Image provided by: University of Oregon Libraries; Eugene, OR
About The Oregon statesman. (Salem, Or.) 1916-1980 | View Entire Issue (July 28, 1921)
THE QREGON STATESMAN. SALEM. OREOUN
THURSDAY MORNING. JULY 28. 1921
CITY NEWS IN BRIEF
ltd urn from Newport
I Captain and Mrs. Allan Bynon
returned Tuesday from a three,
day , sojourn at Newport. The Sa
lem attorney reports a good sea
son in full swing at the coast-side
I Fitted at Tyler's Drug store by
an expert in the business. Adv.
Mlstlaml Printed Cake
An article in yesterday's States
man should have given the Mist
land bakery credit for the cake
that was presented to C. K. Knic
kerbocker -in recognition ot
Knick's" work with the Salem
Twilight, baseball league.
Chicken Dinner Every Sunday
I Tables and counters. Jack's
Cafe, 163 S. Commercial St Adv
Vrstley Funeral Today
! The funeral of the late Mrs.
Itoy Westley will be held at 2 p.
ni. today from Itigdon's chapelt in
terment being at I.O.O.F. ceme
tery. Rert II. K. Aldrich will of
liclate. I Fined $25 .
; E. C. Cameron yesterday ap
peared In Justice Unruh's court
and " after " pleading guilty to
charges of driving a car without
license tags was fined (25 and
costs. Mr. Cameron stated during
the hearing that his machine, a
delivery vehicle, had recently been
Involved In an accident and that
the license plate had been broken
from-lts bracket. After hearing
Easier and Better
Wear them and ea
HARTMAN BROS. .
IptUtra at 162 ft V. Commercial stmt
Chop 8ay, BoodlM and AtnMi
' an dthi, le erm and drinks
.i Opan , 11 a.m. to 1 ajm.
CHICKEN DIN NEB .,
Regular $454)0 Thor Vacuum
" Cleaner, Our Price
aXKCTRIG MACHINE A
J37 Court SL 1 Phone 488
Suit Cleaned V. . .ijc. . . . .11.50
Suits Pressed . ve. . t -50
Salem Cleaners & Dyers
ISIK 8. Com! St. Phone 1883
Tor Bprtaf Plutltf Ordw Trm
' The 8AX.EM NURSERY CO.
421 Oregon Baildinc
BAIiXM i 0BI00K
bv. buying your hardware and
furniture at The Capital Hard
ware & Furniture Co., 2So Jn.
Commercial street. Phone 947.
We pay 2c aboTC the
market Diice for egzt
CASH STORE -
Take No tice
We can save you. money on
your Plumbing supplies; It
will pay you to come and
ee ua about prices. We ai
rways hate a supply ol all
kind. ; .
Tents,1 all sizes, prices
We buy and aell everything
Phone S9S ' -
v jll ChetaeketA St; i
1 I "THE
evidence in the case. Judge Unruh
held that the alleged circum
stances as related by tne defendant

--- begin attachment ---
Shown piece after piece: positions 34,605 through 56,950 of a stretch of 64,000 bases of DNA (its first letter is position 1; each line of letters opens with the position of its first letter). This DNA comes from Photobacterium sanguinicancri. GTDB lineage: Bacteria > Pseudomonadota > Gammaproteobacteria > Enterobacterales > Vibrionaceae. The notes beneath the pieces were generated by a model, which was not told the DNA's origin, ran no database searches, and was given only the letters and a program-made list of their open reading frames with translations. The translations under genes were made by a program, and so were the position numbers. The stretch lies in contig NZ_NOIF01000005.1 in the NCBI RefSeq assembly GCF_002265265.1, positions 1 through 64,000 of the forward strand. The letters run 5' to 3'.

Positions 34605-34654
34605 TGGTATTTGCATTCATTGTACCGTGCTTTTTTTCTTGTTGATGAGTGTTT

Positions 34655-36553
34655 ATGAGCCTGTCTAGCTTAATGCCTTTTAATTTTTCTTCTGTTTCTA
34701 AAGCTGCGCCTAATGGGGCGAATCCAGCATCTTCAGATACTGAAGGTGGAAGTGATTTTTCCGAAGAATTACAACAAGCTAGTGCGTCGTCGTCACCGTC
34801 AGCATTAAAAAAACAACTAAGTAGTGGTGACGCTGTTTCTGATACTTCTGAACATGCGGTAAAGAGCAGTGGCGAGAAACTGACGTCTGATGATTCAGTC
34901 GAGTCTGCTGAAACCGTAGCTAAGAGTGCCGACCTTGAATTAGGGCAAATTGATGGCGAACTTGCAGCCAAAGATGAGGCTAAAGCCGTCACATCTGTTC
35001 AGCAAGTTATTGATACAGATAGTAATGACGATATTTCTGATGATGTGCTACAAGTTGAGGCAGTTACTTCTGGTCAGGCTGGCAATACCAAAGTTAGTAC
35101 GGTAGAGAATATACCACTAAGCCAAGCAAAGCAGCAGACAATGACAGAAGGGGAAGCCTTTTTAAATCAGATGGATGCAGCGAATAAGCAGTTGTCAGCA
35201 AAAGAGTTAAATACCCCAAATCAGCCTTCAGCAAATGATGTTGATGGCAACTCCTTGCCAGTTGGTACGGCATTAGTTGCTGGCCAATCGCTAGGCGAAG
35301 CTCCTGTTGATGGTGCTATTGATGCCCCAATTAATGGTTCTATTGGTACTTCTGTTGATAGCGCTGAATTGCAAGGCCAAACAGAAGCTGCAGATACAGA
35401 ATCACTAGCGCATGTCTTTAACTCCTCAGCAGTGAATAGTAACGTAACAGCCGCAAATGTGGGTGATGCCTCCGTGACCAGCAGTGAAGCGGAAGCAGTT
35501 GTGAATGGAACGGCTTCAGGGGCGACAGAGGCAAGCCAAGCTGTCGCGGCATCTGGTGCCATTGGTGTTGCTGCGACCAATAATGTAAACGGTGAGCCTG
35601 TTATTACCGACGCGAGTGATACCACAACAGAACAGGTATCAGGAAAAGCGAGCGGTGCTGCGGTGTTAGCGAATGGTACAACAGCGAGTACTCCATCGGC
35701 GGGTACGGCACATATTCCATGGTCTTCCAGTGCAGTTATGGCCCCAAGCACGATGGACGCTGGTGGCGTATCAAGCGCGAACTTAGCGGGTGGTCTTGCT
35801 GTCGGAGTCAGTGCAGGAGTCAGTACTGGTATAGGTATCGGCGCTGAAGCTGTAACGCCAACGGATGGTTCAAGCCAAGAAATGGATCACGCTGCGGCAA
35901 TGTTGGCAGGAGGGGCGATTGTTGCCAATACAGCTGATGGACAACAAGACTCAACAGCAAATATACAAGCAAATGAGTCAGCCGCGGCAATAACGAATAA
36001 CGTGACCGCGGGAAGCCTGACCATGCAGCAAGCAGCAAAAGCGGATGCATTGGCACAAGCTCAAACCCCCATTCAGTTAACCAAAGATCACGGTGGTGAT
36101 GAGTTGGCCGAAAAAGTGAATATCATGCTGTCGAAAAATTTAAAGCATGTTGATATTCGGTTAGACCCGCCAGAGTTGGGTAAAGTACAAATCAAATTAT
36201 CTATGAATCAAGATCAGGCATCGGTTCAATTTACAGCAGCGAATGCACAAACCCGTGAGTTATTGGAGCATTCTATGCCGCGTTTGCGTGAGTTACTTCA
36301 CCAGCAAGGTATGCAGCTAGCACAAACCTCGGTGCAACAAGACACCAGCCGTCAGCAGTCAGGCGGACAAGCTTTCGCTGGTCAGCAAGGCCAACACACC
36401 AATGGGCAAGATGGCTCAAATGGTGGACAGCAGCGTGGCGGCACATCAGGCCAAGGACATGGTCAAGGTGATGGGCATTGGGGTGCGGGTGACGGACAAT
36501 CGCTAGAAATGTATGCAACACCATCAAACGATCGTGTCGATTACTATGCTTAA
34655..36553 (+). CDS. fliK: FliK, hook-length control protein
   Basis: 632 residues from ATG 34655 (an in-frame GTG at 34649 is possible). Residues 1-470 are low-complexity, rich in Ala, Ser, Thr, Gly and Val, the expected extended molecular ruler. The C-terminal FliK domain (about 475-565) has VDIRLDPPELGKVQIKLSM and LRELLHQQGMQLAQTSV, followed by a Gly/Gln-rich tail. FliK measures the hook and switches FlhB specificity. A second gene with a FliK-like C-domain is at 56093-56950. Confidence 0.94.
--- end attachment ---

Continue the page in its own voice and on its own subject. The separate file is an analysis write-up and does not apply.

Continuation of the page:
would be no protection to others
should the vehicle become In
volved in an accident.
Authorized Phonograph Dealer
Geo. C. Will is now the only au
thorized dealer in Salem for The
Edison disc and cylinder phono
graphs, the Columbia Grafonolas
and Starr phonographs. These
companies have discontinued all
other dealers in Salem. Adv.
Is Appointed Guardian
u. D. Byrd was yesterday ap.
pointed guardian of Mrs. Carrie
Wolf, recently adjudged insane.
Mrs. Wolf is owner of real prop
erty in Minnesota valued at about
NoMre to Irrinfors
Irrigators on flat rate will
please observe the following rules.
All houses having even numbers
are limited to Irrigate on Monday,
Wednesday, Friday and Sunday;
odd numbers n Tuesday, Thurs
day, Saturday and Sunday. Hours
for irrigating. 6 to 8 a. m., 5 to
9 p. m. Salem Water, Light &
Power company. Adv.
Woodbum Couple Marry
A marriage license has been is
sued to Antone J. Hananska, pro
duce buyer and Gertrude Werner,
clerk. Both are residents of Wood
burn. Branson Is Officer
Troy Branson, formerly a mem
ber of the Salem police depart
ment under Chief Percy M. Var
ney and later under Chief John T.
Welsh, Is on night patrol duty as
relief officer for members of the
department who are entitled to
vacations during the summer per
iod. Inventory Filed
T. P. Risteigen, Ida S. Loe, and
Agnes Olson, appraisers of the es
tate of Zurrelda J. Sparks, Incom
petent, have reported on property
valued at about $500. This in
cludes accrued interest from the
following bond holdings: Eugene
Bible university, $11,000; Spo
kane university, $500, and Nation
al Benevolent association, $500.
BROTHEItTON At the residence
33? South Church street, Tues